Finally! The build of my Richard Sachs S&S bike is complete. And, WOW, it rides beautifully! When you start these projects there is always some uncertainty about what the result will be. I'm happy!
The build is a mix of old and new as I intend to take the bike to granfondo events, often traveling by bus and train. The gruppo is 2007 Campagnolo Centaur compact 50-34 with 12-26 in the rear; the wheels are strong, but lightweight, built around 2006 Campagnolo 36 spoke Record hubs, with DT Swiss black spokes and silver Mavic Open Pro SUP rims; the saddle is a titanium railed Regal with silver rivets; Cinelli stem with Cinelli Giro d'Italia handlebars; and a no-name seatpost to be replaced with a Campy one as soon as I find what I'm looking for. Pedals are the white and black LOOK A3.1 model. Also, Richard Sachs handlebar tape (a Christmas gift from my daughter, along with a RS t-shirt) which matches the yellow Richard Sachs lettering. I think the combination of black and alloy look very nice (keeping in mind I was not trying to build a retro bike). Still need to put on a water bottle cage.
How I came to own this frame/fork (size "57.5") is a story in itself. Before coming to Italy I was considering purchasing an S&S coupled bike and had done considerable research. One evening while looking through ebay (!!) I came across a listing for this frame. I thought, "Well, that would be pretty interesting to have a Richard Sachs in Italy." Not only could I be a retro-grouch, I could be a reverse retro-grouch. I contacted Richard Sachs and he was gracious enough to confirm that he was familiar with the frame (the seller lived in CT) and that he himself had done the stainless steel S&S install and the frame was painted by Joe Bell. He advised me to, "Go for it." Ms. E used her considerable ebay buying skills to win the auction. Considering that the wait time is about 4 years+ for a RS frame and that prices now start at $3,000+ it was great to have bought this for $1,200. Through another set of strange circumstances I was able to pick it up 3 days later in CT where I had to be at a party...only a few miles from the seller.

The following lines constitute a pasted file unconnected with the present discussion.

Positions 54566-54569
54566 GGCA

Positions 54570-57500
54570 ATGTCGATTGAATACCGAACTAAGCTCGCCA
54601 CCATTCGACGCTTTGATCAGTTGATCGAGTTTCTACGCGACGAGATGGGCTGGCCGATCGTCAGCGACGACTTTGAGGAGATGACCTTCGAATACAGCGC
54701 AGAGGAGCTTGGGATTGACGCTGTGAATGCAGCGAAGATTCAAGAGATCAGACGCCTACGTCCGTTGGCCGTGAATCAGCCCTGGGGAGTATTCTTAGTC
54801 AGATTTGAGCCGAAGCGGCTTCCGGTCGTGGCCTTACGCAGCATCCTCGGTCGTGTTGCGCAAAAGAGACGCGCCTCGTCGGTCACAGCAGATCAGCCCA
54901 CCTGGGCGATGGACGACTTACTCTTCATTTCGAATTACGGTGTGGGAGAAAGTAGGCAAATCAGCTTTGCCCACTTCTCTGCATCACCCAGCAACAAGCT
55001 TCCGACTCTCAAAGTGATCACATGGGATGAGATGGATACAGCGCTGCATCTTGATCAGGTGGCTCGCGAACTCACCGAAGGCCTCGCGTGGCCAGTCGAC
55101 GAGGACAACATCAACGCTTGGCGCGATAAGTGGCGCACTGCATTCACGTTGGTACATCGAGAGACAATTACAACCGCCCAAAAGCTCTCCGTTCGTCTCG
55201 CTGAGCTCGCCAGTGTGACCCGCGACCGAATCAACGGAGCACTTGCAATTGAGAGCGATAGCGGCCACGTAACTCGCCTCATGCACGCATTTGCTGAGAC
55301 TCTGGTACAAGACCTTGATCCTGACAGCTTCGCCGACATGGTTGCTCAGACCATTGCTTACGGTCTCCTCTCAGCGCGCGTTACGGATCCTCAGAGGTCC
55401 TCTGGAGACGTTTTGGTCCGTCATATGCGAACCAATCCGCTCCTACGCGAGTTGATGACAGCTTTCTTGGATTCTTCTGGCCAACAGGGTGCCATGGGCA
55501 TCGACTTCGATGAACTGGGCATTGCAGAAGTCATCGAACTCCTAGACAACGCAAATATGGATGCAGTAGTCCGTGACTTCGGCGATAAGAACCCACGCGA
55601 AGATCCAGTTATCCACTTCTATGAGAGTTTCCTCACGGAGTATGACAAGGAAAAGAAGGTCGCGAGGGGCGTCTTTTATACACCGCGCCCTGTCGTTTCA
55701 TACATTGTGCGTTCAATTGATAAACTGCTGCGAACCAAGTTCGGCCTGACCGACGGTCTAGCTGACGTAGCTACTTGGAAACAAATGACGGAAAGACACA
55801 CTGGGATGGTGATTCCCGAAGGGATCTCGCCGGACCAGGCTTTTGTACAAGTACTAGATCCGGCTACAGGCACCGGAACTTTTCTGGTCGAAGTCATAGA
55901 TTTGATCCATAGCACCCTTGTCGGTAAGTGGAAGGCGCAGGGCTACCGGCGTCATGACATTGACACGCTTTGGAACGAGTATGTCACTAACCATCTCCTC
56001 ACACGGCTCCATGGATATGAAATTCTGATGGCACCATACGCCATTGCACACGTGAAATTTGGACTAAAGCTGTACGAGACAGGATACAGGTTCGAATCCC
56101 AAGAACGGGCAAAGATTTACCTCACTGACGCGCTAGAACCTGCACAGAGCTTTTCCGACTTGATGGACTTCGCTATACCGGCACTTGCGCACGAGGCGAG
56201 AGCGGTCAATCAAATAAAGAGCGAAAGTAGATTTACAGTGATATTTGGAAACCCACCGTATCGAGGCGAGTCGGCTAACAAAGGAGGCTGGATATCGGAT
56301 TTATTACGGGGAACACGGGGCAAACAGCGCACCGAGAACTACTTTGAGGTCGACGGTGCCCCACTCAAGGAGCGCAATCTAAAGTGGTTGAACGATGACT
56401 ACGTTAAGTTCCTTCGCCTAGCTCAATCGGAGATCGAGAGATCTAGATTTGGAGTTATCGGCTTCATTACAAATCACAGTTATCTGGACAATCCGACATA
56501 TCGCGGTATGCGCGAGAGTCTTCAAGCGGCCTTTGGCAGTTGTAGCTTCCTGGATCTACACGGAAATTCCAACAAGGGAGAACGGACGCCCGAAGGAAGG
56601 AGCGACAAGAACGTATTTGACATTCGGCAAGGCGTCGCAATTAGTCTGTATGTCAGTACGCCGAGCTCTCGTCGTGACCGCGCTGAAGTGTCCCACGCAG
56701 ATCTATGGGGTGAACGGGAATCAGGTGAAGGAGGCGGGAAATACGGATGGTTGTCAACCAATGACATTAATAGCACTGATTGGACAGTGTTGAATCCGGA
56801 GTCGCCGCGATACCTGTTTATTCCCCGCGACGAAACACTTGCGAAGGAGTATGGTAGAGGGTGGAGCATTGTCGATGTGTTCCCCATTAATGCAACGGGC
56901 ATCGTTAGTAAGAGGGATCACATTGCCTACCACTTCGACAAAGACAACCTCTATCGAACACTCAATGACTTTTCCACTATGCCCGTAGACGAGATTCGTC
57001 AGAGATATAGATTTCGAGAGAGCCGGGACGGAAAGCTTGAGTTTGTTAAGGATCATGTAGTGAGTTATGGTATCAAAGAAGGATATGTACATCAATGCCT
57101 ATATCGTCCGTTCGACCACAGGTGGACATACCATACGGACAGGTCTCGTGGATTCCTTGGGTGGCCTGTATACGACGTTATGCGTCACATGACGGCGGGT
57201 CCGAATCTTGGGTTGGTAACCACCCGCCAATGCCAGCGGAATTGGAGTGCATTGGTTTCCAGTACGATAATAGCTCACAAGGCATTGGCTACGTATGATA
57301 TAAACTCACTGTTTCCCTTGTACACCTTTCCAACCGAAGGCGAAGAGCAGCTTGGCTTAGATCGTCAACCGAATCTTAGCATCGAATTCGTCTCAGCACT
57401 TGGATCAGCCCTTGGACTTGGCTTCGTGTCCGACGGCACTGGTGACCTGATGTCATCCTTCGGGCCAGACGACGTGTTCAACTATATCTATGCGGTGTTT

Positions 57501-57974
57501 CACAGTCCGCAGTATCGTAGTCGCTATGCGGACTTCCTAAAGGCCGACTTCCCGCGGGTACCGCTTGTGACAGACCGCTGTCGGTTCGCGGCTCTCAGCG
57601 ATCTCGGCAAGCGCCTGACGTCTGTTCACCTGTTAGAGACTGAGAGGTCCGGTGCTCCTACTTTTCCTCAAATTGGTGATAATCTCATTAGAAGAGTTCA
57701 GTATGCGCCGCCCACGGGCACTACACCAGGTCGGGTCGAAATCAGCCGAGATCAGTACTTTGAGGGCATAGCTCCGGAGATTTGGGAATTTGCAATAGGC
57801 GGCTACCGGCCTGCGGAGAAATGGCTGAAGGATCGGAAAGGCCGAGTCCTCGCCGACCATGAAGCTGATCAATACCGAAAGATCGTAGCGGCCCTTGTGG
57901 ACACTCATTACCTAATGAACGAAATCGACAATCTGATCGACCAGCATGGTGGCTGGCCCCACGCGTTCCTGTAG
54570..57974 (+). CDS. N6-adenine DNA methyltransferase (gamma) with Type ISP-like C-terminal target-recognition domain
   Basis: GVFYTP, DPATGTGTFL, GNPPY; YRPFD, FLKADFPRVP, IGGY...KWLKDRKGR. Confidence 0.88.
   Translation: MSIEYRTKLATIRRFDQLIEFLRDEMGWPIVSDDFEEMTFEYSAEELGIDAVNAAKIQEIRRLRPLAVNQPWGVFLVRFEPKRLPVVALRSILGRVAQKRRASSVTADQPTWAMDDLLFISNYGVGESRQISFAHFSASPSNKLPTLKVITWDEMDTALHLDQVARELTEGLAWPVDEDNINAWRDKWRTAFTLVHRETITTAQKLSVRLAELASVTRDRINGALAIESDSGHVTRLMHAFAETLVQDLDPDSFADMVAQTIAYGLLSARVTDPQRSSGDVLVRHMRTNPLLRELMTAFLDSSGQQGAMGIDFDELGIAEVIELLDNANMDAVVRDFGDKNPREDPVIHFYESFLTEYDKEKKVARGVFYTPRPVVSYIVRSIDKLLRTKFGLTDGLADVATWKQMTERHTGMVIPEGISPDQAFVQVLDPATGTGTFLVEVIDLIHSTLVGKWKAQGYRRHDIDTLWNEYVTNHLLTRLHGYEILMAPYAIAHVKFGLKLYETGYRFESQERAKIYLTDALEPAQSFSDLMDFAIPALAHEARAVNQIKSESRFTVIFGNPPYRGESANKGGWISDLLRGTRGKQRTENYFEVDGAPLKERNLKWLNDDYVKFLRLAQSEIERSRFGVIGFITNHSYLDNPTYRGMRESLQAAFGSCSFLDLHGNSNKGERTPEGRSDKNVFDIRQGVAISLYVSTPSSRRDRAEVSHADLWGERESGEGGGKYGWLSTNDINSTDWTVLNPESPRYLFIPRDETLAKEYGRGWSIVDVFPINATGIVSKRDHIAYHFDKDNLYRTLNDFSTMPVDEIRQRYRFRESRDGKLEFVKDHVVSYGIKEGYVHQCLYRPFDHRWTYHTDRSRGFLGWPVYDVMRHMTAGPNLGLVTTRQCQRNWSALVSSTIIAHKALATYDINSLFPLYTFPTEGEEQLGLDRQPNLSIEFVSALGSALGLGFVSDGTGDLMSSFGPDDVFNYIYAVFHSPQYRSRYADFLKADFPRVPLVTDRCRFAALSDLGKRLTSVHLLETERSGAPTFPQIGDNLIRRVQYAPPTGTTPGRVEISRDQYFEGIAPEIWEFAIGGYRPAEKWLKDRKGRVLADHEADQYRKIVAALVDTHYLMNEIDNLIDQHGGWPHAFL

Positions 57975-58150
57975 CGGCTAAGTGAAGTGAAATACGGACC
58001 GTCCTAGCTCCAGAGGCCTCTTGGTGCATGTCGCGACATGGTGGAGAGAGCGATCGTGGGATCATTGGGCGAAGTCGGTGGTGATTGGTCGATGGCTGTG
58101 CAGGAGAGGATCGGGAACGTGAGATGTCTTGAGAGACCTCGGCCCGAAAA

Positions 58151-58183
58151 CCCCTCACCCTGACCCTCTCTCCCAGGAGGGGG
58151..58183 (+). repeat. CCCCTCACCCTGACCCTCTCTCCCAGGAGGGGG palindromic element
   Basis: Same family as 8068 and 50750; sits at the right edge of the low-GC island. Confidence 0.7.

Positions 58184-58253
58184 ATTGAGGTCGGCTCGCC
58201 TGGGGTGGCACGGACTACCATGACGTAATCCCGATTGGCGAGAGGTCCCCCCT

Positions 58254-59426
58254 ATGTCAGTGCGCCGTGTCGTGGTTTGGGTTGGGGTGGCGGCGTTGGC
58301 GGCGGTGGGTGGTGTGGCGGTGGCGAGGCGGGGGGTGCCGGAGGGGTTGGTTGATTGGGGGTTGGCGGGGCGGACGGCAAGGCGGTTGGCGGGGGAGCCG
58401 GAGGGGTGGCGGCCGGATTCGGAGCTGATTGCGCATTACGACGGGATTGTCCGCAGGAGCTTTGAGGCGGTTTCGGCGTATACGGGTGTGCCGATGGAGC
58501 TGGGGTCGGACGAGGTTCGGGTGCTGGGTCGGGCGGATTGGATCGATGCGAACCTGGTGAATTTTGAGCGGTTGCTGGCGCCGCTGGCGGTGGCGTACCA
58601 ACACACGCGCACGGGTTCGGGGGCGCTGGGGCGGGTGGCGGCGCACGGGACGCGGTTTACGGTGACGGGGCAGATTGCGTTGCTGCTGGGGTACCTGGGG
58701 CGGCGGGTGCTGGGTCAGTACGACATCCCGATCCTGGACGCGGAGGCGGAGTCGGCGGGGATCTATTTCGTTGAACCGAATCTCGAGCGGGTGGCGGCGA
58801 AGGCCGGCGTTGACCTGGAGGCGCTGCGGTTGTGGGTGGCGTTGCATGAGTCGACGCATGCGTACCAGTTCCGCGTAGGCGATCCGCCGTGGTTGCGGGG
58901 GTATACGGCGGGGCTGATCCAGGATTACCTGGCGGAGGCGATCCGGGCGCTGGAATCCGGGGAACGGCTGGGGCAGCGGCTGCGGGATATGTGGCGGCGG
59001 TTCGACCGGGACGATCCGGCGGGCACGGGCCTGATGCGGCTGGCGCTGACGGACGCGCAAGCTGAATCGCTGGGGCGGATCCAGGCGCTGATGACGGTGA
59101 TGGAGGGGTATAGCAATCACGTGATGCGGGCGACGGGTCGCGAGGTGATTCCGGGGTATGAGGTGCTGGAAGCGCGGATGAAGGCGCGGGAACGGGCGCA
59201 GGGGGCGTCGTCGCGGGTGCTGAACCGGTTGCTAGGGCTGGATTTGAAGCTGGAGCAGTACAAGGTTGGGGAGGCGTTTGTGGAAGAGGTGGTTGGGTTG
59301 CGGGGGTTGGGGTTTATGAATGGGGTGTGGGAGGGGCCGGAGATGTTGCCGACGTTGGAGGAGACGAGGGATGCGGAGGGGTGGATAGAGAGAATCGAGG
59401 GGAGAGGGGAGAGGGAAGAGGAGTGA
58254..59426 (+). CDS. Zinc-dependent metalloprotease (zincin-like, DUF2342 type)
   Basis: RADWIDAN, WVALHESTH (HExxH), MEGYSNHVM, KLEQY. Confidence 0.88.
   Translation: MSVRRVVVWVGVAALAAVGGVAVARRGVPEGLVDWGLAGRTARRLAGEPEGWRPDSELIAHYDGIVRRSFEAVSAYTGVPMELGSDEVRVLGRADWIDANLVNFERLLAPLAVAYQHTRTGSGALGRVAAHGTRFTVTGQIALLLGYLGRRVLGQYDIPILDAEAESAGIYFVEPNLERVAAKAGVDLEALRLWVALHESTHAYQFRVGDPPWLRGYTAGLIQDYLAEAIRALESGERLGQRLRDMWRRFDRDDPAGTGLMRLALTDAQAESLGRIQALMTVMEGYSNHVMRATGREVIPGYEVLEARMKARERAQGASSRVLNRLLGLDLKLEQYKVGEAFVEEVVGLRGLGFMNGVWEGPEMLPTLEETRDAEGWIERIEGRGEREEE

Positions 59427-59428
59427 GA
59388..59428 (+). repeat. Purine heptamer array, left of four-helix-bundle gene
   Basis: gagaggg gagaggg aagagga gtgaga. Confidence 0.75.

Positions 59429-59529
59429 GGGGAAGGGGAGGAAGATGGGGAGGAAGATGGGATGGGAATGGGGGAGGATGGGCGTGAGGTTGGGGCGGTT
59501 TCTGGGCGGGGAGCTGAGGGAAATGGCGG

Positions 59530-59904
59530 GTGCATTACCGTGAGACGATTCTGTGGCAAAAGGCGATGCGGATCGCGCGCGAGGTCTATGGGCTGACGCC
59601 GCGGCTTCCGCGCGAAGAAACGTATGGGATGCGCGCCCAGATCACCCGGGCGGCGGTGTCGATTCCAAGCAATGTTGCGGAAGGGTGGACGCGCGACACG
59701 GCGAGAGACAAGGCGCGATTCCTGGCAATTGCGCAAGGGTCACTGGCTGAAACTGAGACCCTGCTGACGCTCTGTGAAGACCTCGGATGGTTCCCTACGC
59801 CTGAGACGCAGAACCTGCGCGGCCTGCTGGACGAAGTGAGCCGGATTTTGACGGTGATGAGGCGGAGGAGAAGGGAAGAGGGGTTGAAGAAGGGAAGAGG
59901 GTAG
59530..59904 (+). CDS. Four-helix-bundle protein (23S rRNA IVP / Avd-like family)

The frame exhibits the beautiful lugwork for which Sachs is renowned. The S&S couplings may distract a bit from the classic lines of the thin tubes but they do add a bit of mystique to the bike. The fork, which is graceful, is of the flat crown type with the RS logo engraved. The foam green paint with white panels by Joe Bell is gorgeous. Sachs recently told me that the frame was originally built in 1985/6, most likely with True Temper RC tubing.
The Italian shop that did the build told me that they had quite a number of customers inspecting the bike while it was there. The notion I had, to ride an exceptional example of American craftsmanship here in Italy, I think will lead to some interesting discussions on the roads.
The next step is to learn all the tricks on disassembling, packing and reassembling. That will have to wait until I return from France.
Photos: you can click on photos to expand them
From the Richard Sachs website, December, 12, 2007: With the number of orders currently in the queue, the estimated time for delivery of new commissions is nearly six years.
The Man at work: